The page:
ASCOJA was established in 1977, 32 years after the end of World War II mainly by a special group of wartime foreign students in Japan known as Nanpou Tokubetsu Ryugakusei 南方特別留学生 or “Nantoku (ナントク)”. Literally, the group was called ‘Special Foreign Students from the South’.
In 1977, ASEAN was then a 5-nation economic and political organization, holding only its 2nd Summit in Kuala Lumpur. It was also the first time Japan was invited to participate in the ASEAN Summit. That year, ASEAN signed an Agreement on Preferential Trading Arrangements. It was also that year when the Fukuda Doctrine of “Heart-to-Heart 心と心 relations“ was first asserted by Prime Minister Takeo Fukuda in Manila while on a tour of ASEAN states. ASCOJA heartily embraced the Fukuda Doctrine, finding the Doctrine’s commitment to peace, mutuality and equality closely aligned to its central motivation.
Fast forward to 2015:
ASCOJA will hold its 21st Conference in Manila, with its charter membership increased to the 10 countries that now comprise the ASEAN. The end of the Pacific War would mark its 70th anniversary. The number of Japan alumni from Southeast Asia would be in the hundreds of thousands. The ASEAN Economic Community (AEC) would be launched, which is envisioned to create an integrated region block that will be one of the largest, fastest growing areas in the world.
Where does ASCOJA fit, or find itself in all these – 38 years since its founding. The world has changed much at an increasingly fast pace. The future looks even more opaque. What is the role of students who have studied, are now studying and who will in the future be studying in Japan in the context of a new, integrated ASEAN? What opportunities should ASCOJA seize? What challenges would it face? How should ASCOJA continue to capitalize on the Fukuda Doctrine, its commitment to peace and strong relations based on mutual confidence, mutual respect and mutual trust still strikingly relevant today.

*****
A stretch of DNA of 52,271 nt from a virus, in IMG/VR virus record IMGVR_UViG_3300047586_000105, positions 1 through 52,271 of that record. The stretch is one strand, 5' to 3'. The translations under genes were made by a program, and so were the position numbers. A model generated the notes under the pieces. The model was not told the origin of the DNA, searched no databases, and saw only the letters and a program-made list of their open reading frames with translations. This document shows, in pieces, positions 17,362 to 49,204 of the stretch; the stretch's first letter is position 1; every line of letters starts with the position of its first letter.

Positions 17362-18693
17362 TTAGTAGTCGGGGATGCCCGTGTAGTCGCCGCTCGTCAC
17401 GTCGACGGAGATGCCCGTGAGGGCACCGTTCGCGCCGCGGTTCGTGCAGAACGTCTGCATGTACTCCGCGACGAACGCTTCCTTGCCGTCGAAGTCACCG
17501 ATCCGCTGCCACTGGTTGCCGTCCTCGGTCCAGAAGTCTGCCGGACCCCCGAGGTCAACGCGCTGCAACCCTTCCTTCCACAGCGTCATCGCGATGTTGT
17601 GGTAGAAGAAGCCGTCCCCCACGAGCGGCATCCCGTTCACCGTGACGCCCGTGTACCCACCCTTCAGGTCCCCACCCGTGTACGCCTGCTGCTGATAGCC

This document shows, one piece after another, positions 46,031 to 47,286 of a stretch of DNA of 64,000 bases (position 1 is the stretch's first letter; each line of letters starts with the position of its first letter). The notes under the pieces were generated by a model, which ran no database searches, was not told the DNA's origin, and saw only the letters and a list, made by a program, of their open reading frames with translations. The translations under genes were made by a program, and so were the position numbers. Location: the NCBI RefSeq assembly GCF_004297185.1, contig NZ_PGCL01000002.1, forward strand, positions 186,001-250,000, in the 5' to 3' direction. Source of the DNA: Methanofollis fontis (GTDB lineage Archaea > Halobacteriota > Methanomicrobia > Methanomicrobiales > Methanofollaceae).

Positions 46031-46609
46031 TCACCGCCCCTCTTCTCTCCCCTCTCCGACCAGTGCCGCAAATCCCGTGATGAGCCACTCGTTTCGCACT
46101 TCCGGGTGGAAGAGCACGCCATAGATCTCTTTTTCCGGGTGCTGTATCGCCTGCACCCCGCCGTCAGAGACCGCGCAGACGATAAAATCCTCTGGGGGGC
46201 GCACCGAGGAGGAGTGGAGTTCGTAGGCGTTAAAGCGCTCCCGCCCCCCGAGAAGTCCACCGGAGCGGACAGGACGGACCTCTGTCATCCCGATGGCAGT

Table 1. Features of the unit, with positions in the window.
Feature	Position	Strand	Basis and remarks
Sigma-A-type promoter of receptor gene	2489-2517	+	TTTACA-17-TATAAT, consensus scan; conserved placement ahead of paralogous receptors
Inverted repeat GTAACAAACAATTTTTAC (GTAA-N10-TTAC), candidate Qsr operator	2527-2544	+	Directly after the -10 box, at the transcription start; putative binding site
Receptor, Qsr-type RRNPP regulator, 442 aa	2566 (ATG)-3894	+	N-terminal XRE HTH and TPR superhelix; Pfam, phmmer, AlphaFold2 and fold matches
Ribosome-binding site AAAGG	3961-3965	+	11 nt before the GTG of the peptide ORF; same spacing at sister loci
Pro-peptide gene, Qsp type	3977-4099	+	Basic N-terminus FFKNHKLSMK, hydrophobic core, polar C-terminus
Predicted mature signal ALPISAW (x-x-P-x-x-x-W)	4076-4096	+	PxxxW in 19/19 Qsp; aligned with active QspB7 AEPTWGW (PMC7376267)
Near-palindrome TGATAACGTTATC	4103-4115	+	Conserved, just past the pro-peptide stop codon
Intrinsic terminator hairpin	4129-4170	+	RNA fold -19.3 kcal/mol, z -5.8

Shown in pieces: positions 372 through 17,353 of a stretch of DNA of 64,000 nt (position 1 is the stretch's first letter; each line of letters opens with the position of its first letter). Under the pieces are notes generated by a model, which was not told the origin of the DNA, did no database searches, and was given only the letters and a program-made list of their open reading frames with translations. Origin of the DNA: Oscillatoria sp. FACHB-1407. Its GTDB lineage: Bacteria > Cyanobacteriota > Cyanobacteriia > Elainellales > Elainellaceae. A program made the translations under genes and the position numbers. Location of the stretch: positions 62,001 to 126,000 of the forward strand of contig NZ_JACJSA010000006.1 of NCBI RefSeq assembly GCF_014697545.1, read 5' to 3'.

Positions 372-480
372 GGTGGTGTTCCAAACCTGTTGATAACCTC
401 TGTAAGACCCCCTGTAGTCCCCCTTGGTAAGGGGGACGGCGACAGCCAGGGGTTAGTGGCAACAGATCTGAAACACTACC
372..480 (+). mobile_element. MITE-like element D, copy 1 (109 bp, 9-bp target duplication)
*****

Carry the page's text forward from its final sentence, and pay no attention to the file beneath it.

Concerned that ASCOJA may drift into oblivion, worse into insignificance if these realities are not properly addressed, the late ASCOJA Chairman Benjie Laurel (Governor for the Philippines) in perhaps his last act for ASCOJA, pushed for the crafting of a new Vision and Mission for ASCOJA. This was conveyed by Mr. Philip Sanvictores, Chairman Laurel’s personal emissary to the ASCOJA Governors Meeting held in Tokyo in March 2014. PHILFEJA has thus spearheaded a ASCOJA Vision-Mission Project and is being impelled by Mr. Sanvictores who has since assumed the Presidency of PHILFEJA, concurrently serving as ASCOJA Chairman for the unexpired term of the late Chairman Laurel.
The ASCOJA Vision-Mission Project is based on a framework crafted by PHILFEJA members from the University of the Philippines designed to elicit inputs from the 10-member ASCOJA Board when it meets in Manila in January 2015. Mr. Sanvictores said he hopes the ASCOJA Board of Governors can approve the new ASCOJA Vision and Mission statements during the Council Meeting to be held immediately prior to the 21st ASCOJA Conference.